Nutrients in soil covered by Carex exserta sod and in adjacent unvegetated gravel areas were compared at Siberian Outpost, Sequoia National Park, California. The comparisons were part of a study to learn if Carex exserta meadow can be reestablished and if herbaceous cover on gravel areas can be increased. Grazing capacity and aesthetic appeal of denuded areas would be improved by better vegetative cover. The sod had higher concentrations of calcium, copper, iron, magnesium, manganese, nitrogen, potassium, and zinc than did the gravel areas. And it had a higher soil pH and percent organic matter. Sod and gravel did not differ in concentrations of phosphorus and sulfur. The differences were as might be expected between climax and badly deteriorated (or early seral) situations, and the results suggest that fertilization may be a useful treatment.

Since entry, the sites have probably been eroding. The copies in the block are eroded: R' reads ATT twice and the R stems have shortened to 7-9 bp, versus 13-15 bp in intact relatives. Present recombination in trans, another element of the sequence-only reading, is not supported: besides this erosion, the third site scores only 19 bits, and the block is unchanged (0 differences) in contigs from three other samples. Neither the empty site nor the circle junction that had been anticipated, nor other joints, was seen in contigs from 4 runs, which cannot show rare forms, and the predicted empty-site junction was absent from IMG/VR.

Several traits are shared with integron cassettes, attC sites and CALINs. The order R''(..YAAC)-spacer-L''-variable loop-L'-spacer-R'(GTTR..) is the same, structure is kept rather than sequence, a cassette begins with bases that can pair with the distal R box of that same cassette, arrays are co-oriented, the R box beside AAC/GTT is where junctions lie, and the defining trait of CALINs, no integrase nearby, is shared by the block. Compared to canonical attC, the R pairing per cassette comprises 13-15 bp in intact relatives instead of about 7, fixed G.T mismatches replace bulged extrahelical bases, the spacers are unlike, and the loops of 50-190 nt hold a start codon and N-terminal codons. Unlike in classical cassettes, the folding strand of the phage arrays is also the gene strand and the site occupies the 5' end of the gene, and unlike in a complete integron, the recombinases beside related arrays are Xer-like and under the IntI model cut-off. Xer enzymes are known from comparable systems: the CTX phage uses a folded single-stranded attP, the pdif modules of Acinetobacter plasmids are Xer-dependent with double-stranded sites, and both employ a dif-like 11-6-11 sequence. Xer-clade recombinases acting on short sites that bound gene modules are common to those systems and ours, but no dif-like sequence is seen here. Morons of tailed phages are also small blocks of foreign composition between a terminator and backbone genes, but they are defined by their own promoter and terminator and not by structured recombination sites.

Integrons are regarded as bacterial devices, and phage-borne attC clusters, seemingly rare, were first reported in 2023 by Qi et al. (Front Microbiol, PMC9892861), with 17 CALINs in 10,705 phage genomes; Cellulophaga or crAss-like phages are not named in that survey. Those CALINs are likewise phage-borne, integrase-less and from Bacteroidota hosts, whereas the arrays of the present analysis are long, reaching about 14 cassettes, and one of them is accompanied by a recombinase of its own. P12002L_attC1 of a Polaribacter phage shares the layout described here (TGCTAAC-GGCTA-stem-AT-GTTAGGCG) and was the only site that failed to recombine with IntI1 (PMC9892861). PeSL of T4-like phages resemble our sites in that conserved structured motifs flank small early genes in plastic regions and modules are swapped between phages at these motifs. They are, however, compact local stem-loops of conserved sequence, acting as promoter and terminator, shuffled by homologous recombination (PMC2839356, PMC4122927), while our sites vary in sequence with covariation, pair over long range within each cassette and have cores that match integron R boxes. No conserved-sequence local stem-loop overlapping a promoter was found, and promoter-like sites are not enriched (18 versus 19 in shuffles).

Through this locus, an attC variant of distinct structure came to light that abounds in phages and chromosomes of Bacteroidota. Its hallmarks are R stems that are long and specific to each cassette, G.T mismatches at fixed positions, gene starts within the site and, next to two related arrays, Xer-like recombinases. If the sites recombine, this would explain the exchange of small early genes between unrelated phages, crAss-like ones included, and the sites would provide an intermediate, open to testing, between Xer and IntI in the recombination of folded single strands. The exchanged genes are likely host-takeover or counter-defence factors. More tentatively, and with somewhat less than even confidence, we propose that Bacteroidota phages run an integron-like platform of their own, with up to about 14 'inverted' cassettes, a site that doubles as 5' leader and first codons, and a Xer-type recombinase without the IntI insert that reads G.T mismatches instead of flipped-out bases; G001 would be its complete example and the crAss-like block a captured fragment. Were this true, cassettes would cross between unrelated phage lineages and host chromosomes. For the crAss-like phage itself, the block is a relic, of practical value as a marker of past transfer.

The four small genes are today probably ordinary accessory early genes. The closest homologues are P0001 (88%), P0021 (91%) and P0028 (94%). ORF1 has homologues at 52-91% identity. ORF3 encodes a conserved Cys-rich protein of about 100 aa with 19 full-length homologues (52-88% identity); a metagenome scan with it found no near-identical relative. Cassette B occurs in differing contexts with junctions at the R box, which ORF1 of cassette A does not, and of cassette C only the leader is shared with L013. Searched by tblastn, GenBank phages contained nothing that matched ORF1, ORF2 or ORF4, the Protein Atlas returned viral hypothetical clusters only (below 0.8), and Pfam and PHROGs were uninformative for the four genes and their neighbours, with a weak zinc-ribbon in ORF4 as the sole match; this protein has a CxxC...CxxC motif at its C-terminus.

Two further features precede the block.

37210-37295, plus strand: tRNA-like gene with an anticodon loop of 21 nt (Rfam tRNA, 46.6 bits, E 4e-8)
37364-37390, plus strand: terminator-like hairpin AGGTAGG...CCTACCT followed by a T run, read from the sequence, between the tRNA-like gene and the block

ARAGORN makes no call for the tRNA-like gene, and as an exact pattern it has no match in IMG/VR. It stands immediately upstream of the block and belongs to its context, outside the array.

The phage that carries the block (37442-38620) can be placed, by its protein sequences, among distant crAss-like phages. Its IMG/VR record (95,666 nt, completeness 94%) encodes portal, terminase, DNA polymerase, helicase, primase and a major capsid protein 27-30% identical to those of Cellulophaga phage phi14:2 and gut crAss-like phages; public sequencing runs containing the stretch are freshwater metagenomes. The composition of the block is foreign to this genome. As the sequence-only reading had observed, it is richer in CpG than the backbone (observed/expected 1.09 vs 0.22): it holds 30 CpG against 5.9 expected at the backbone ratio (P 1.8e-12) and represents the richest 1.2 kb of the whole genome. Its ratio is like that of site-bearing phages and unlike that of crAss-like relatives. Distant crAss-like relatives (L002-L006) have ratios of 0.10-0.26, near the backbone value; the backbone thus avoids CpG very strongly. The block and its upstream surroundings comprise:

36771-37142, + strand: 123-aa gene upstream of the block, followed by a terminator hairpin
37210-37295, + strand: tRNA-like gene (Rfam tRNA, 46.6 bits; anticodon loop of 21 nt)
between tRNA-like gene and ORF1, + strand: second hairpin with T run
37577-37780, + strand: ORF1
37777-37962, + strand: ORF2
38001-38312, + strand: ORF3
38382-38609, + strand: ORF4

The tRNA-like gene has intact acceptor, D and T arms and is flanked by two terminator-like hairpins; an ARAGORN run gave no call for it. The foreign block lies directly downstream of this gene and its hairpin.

Ratliff, Raymond D.
"Nutrients in Carex exserta sod and gravel in Sequoia National Park, California,"
Great Basin Naturalist: Vol. 45
, Article 7.
Available at: http://scholarsarchive.byu.edu/gbn/vol45/iss1/7